Piñata top and garambullo

I am acutely aware that a factor in my being able to stay ten years in Mexico was an initial Herculean effort to find contentment within the confines of a limited situation. Therefore, I want to inject a heathy dose of suspicion into my complacency (I’ve noticed it in myself in other areas of my life besides my thoughts on moving north), and keep it present to make sure I am not selling myself or my family short – but I haven’t quite figured out how to make sure that I’m not letting the difficult years here or the U.S. media cloud what hasn’t yet but might emerge as a dream of a life in the north.

Writing and reflecting on this question definitely helps a bit, but then when one who is prone to plant metaphors tries to type out a coherent explanation as to why she just might not know what she wants yet (in terms of where she sees herself in 5 years), and then her husband of 12 years sends her 6 year old into the house holding the first mature avocado that’s fruited from the 12″ sapling from the Sierra Gorda that she planted her yard 8 years ago, where in the background orange butterflies flit among dozens of wild sunflowers under the bright blue sky, well, answers to elusive questions seem just as hard to find as they’ve been for the last 10 years.

Xotol and pollinators
First fruit

President Obama: Before You Act on Immigration

Note: If you want to show your support, please leave your name, state, and # of your congressional voting district in the comments. 

Querétaro, Mexico | August 7, 2014

Dear President Obama,

I’m aware that you are contemplating taking action on immigration and that White House staff is hard at work researching your options. Before anything happens, I wanted to make sure you heard my story, because I’m one of millions of Americans who stand to be affected by any decision you take—but our story is not often heard.

It’s been another hard year for us to be away from the United States. Not any harder than the last eight years that I have been away from my home country. But hard for different reasons.

When my father in New York was ill last December, I was unable to go visit and help him.

In California, where I lived and worked for seven years as a science teacher, two good friends had baby sons. I have not been able to meet them. One of my former students got married but I could only attend the wedding ceremony virtually.

From my home in Central Mexico, I watched one friend after another travel freely between the United States, Canada and Mexico, accompanied by their family members. I found out that a long-time dream I’ve had, to be a research associate of my alma mater, Cornell University, would not be possible. Even though the director of a lab was interested in collaborating, the University does not allow off-campus appointments.

Every time I experience these disappointments, I handle them the way I have in these past eight years of exile in Mexico—I focus on the other positive things happening in my life.

Exile? Yes, I have been living in exile in Mexico since 2006. I don’t like the sound of it, and I can’t say my plight is equal to that of other famous exilees, such as the Dalai Lama, Nelson Mandela, or Malala Yousefi. But the reasons are ultimately the same—because of a political reality in my home country, I am forced to live away from my birthplace, and have been obligated to call another country home.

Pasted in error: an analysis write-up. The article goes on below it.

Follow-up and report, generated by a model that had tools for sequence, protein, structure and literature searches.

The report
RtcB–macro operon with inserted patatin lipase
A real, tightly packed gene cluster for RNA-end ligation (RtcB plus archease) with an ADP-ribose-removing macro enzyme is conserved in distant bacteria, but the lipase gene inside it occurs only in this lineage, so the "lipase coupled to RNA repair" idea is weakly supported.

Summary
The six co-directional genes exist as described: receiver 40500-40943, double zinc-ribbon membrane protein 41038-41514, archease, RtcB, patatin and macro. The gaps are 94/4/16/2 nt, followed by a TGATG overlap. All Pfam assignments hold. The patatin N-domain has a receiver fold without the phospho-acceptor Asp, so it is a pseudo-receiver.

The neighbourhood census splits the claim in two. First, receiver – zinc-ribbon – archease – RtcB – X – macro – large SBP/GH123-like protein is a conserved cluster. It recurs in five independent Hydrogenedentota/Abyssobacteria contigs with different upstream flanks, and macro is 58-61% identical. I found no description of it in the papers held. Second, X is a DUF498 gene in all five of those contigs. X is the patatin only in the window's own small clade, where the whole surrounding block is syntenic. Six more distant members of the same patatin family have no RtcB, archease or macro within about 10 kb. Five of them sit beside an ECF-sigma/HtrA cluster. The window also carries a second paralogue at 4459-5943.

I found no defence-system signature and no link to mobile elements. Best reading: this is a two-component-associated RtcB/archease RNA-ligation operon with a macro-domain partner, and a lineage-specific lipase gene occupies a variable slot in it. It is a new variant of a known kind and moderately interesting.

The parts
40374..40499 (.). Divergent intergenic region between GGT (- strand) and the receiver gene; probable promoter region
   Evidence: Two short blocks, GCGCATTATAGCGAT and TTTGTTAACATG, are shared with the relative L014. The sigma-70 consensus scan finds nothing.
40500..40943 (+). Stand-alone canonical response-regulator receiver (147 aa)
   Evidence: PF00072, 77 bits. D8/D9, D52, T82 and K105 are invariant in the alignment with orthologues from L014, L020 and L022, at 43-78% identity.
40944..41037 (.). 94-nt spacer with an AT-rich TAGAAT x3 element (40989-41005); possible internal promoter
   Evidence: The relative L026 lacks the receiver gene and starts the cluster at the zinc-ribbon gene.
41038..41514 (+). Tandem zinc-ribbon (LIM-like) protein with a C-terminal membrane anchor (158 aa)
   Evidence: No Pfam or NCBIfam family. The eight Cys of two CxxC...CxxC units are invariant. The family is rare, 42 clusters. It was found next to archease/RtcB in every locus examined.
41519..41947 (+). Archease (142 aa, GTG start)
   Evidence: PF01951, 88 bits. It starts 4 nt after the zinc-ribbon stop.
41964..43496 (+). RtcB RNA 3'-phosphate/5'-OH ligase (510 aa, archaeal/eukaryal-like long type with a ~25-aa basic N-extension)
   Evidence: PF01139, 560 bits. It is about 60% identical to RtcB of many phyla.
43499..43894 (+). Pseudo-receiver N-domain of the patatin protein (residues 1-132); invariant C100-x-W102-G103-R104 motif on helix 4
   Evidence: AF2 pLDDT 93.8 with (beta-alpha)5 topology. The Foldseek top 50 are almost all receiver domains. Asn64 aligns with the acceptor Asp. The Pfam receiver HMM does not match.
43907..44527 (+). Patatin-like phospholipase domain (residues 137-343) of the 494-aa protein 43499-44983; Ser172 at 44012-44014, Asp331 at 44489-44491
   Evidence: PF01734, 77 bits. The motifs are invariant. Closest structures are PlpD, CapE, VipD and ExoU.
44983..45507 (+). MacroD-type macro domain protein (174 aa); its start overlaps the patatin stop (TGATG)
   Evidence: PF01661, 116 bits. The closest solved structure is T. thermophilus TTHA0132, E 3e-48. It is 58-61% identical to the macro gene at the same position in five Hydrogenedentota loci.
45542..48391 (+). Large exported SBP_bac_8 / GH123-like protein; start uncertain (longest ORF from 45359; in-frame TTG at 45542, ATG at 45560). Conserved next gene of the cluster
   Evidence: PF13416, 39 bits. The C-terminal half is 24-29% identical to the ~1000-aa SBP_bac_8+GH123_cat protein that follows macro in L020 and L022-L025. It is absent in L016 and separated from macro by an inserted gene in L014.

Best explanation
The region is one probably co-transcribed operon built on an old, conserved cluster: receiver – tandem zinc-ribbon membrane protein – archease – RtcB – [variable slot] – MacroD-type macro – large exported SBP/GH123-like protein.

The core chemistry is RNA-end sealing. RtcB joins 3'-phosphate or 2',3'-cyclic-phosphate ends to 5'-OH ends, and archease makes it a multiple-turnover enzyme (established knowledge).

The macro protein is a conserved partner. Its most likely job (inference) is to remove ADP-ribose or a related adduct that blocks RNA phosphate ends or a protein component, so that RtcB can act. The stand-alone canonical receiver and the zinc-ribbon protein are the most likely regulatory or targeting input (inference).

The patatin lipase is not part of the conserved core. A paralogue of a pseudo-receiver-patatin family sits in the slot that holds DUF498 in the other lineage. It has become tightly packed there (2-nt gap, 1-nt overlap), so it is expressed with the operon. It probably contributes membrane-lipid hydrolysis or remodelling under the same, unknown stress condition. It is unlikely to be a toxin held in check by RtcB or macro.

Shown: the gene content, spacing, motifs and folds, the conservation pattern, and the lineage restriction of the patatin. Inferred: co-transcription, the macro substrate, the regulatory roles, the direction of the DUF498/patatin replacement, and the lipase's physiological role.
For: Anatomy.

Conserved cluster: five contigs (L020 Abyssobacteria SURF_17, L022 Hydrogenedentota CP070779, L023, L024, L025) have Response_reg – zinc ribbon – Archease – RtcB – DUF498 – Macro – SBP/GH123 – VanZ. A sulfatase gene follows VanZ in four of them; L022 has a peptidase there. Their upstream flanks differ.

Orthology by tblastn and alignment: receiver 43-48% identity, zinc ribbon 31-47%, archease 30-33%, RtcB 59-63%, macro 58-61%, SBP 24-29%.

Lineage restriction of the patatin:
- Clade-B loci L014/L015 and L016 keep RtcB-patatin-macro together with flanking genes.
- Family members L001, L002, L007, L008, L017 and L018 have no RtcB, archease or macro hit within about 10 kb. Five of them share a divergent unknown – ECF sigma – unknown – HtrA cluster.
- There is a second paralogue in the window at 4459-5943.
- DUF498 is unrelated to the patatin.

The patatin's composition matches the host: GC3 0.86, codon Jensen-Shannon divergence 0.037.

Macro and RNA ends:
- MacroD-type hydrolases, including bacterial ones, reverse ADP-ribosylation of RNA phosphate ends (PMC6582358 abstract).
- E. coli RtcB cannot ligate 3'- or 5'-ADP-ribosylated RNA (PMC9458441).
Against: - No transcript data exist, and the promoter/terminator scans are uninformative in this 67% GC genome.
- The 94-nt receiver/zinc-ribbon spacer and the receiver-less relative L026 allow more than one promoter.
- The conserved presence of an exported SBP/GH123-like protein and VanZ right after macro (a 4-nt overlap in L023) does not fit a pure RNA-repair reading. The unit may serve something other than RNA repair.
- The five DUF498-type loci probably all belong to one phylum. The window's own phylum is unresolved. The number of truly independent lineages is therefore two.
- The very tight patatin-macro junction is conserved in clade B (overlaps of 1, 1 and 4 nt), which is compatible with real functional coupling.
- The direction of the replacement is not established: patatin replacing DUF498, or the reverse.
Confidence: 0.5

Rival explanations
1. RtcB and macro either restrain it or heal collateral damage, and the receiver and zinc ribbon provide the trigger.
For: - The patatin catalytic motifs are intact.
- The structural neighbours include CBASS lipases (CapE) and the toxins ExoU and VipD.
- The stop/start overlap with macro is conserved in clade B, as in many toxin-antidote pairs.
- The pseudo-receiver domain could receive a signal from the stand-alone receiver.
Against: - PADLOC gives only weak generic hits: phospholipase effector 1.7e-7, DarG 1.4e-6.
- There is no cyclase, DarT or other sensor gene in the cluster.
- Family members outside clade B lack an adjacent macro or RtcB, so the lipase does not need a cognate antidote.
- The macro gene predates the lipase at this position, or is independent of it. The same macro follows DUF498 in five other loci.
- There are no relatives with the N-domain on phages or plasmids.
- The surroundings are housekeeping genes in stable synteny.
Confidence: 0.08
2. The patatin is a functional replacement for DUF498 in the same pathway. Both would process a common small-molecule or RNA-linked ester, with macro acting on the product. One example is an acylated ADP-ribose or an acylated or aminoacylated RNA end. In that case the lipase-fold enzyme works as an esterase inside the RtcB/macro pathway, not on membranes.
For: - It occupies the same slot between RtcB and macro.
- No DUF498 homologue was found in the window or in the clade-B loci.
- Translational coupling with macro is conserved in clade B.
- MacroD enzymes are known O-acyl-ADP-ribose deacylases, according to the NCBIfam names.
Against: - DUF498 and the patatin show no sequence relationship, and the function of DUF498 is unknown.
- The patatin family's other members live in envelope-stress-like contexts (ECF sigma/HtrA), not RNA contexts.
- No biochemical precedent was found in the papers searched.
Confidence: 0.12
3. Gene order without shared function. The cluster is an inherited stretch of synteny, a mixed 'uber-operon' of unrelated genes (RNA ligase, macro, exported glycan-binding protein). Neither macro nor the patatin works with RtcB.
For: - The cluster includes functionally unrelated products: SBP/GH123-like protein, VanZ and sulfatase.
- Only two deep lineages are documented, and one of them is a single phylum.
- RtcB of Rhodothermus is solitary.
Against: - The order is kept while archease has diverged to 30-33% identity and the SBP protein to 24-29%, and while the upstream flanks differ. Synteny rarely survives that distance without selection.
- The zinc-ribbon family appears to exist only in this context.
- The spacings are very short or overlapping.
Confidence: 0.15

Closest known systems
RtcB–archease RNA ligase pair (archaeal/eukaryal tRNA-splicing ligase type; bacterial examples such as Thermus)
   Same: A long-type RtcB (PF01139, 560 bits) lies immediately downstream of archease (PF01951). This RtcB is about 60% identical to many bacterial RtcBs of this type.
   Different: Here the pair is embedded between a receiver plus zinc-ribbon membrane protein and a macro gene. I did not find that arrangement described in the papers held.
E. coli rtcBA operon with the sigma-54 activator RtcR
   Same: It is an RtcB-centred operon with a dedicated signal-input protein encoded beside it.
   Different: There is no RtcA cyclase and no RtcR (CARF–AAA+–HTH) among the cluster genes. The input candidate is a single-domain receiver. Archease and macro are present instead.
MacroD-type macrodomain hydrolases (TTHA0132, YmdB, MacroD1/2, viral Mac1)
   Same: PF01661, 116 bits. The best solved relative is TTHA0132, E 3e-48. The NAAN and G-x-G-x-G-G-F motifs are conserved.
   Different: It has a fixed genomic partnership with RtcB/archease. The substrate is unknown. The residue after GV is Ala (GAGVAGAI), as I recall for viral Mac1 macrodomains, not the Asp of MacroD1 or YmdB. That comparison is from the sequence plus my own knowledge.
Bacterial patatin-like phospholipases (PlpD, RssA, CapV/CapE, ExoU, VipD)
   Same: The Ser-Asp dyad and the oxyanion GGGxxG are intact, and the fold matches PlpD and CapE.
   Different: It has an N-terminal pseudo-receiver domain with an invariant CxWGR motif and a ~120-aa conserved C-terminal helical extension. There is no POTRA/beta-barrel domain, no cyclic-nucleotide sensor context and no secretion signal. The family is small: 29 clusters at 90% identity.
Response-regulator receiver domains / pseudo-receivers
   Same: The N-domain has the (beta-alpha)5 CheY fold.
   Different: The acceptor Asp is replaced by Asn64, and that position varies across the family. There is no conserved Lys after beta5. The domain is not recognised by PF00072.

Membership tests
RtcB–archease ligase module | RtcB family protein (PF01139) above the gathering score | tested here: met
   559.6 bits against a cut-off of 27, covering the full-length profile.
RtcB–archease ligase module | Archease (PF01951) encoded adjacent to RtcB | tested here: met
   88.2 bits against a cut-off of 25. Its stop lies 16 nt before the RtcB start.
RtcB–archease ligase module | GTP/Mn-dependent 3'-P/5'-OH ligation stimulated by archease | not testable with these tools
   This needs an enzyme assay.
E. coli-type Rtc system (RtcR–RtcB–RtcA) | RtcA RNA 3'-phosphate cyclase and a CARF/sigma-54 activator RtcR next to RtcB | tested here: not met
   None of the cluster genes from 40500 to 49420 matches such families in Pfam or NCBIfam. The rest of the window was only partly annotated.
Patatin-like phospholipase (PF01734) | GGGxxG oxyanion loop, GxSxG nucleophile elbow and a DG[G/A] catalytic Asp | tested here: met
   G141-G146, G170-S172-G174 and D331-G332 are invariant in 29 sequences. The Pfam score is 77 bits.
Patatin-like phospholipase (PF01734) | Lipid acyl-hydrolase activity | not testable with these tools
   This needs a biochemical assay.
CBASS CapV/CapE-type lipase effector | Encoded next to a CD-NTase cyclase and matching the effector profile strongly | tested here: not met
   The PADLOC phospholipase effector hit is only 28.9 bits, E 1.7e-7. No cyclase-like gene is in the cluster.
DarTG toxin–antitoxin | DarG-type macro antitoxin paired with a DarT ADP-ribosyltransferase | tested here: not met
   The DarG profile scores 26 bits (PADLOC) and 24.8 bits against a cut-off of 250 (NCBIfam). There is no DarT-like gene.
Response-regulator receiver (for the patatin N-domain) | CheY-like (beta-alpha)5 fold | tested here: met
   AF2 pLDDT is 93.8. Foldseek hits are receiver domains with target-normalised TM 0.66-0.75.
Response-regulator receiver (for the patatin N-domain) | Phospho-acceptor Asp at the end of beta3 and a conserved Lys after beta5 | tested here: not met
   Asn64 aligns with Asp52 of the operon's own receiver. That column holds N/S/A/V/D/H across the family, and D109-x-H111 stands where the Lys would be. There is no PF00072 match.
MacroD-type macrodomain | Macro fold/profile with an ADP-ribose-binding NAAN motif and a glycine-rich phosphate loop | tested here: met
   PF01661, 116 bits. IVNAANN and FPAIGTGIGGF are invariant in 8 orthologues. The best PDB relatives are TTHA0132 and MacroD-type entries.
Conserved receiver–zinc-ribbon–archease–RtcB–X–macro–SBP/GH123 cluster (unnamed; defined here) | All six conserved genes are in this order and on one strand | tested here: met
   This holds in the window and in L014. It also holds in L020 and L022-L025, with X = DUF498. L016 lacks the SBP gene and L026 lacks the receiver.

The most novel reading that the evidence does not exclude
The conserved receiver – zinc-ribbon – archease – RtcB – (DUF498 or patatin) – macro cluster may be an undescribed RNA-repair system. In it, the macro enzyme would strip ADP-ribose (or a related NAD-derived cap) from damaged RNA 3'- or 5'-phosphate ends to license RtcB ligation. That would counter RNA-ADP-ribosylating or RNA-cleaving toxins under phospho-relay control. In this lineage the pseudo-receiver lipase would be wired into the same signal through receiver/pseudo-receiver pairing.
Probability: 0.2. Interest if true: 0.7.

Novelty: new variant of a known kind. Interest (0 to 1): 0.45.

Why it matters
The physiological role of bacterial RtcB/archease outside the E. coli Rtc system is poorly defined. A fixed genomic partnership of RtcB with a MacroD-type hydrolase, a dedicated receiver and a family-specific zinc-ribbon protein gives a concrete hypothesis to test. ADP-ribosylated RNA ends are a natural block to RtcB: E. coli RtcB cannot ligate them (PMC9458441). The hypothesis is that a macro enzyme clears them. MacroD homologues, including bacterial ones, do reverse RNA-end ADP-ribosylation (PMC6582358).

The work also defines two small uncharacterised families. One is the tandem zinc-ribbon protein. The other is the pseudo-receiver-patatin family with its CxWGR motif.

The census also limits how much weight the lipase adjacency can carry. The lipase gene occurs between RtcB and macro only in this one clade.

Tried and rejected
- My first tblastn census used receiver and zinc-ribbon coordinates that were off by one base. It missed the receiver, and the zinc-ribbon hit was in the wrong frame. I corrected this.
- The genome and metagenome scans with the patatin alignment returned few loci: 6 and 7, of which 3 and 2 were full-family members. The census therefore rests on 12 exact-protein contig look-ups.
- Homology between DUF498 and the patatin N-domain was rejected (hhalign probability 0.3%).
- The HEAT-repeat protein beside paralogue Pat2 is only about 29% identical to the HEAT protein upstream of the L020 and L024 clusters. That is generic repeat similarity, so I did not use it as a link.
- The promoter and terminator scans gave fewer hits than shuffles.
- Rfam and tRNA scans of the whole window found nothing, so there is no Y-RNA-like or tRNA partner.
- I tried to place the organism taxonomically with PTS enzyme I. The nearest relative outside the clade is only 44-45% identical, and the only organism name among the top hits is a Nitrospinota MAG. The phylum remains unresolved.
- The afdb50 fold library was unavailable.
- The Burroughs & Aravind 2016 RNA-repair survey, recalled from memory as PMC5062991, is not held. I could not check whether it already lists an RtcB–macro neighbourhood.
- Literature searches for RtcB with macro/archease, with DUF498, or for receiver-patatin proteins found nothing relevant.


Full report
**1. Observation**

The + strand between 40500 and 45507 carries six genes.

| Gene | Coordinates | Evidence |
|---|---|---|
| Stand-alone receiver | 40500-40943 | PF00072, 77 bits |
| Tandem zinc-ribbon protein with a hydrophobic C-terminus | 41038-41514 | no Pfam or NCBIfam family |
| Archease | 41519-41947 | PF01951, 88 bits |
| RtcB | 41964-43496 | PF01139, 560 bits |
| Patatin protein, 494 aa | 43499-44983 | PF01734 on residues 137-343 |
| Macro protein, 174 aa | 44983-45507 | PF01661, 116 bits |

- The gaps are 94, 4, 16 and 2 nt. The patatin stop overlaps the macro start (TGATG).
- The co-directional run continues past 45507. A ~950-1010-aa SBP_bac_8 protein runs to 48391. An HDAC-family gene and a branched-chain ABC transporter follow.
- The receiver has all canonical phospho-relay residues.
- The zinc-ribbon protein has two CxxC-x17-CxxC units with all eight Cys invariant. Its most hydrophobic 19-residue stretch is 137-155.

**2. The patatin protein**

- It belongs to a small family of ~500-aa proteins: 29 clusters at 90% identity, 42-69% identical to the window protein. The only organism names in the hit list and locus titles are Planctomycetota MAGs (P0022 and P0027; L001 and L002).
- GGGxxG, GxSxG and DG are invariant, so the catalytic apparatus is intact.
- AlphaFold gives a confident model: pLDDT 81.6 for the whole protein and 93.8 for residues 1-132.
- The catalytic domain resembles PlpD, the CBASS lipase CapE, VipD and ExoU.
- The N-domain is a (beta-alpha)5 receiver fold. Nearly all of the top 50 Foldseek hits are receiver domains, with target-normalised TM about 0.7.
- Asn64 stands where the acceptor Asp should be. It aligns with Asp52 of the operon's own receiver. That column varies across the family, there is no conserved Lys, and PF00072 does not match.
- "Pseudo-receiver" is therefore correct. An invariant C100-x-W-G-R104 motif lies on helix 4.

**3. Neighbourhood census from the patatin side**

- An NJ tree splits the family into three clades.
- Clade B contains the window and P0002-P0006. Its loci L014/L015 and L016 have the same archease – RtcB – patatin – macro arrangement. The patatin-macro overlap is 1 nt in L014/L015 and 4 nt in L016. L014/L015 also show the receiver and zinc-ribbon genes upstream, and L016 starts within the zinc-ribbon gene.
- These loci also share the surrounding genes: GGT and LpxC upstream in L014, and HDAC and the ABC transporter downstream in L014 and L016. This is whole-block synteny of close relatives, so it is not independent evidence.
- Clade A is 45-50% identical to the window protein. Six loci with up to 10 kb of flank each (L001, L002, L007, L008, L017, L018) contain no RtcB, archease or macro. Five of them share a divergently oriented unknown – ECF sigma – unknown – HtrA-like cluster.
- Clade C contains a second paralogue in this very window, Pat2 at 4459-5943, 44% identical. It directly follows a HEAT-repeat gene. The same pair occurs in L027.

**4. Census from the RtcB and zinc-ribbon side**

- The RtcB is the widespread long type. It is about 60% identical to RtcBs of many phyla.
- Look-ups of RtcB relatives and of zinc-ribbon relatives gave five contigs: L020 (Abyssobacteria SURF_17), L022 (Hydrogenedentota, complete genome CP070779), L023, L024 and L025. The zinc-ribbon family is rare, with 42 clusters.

Sadly, I am not alone. Hundreds of thousands, possibly millions, of Americans are either forced abroad, torn apart from their family members, or forced underground in their own country, for the same reason that I am in Mexico: our broken immigration system. Thousands of us live abroad in isolation, subject to abject poverty and violence. Thousands of Americans’ family members—spouses and parents alike, are waiting indefinitely in their home countries to be reunited with their families. Thousands of Americans are living in the shadows in the U.S., as I once did with my husband, from 2001 to 2006.

What could possibly be causing this epidemic of Americans in exile? Why have I been unable to return to the U.S. all these years? The answer lies deep within the technicalities in current immigration law, statutes that were introduced with the Illegal Immigration Reform and Immigrant Responsibility Act (IIRIRA), signed into law by former President Bill Clinton in 1996. This law led to the plight I am in—that hundreds of thousands, perhaps millions of Americans are in—today.

I’ve probably talked with thousands of people about this issue. The vast majority of Americans I speak with are truly confounded by this state of affairs. They ask me, “But why can’t your husband immigrate legally? You’re married!?”  So I coauthored the book Amor and Exile: True Stories of Love Across America’s Borders (Cordillera West 2013) with journalist Nathaniel Hoffman, to try and answer that question. But even as we explored many different reasons behind the plights of families like mine, I am still no closer to accepting the status quo. I actually sent you a copy of the book last summer. After publishing, we raised enough money to deliver over 600 copies of our book to legislators and officials on Capitol Hill. And we’ve continued to share our stories with thousands of Americans since then. I hope you or someone in your staff had an opportunity to read it.

Because my husband was subject to a 9c immigration bar before we began dating in 2001, even when we were finally married in 2004, I was unable to confer legal status on him. He had come to the U.S. to work without papers, and had been stopped and sent back. Prior to the 1996 law, my husband would not have received a 10-year immigration “ban” for that. But in the true spirit of the marriage vow for better or for worse, I chose to stay with my partner, and that meant I took on the burden of his immigration status, even when we were told by lawyers that the only way we could obtain legal status for him was to leave the country for 10 years, in the hopes of being able to someday apply for a pardon and then maybe a visa.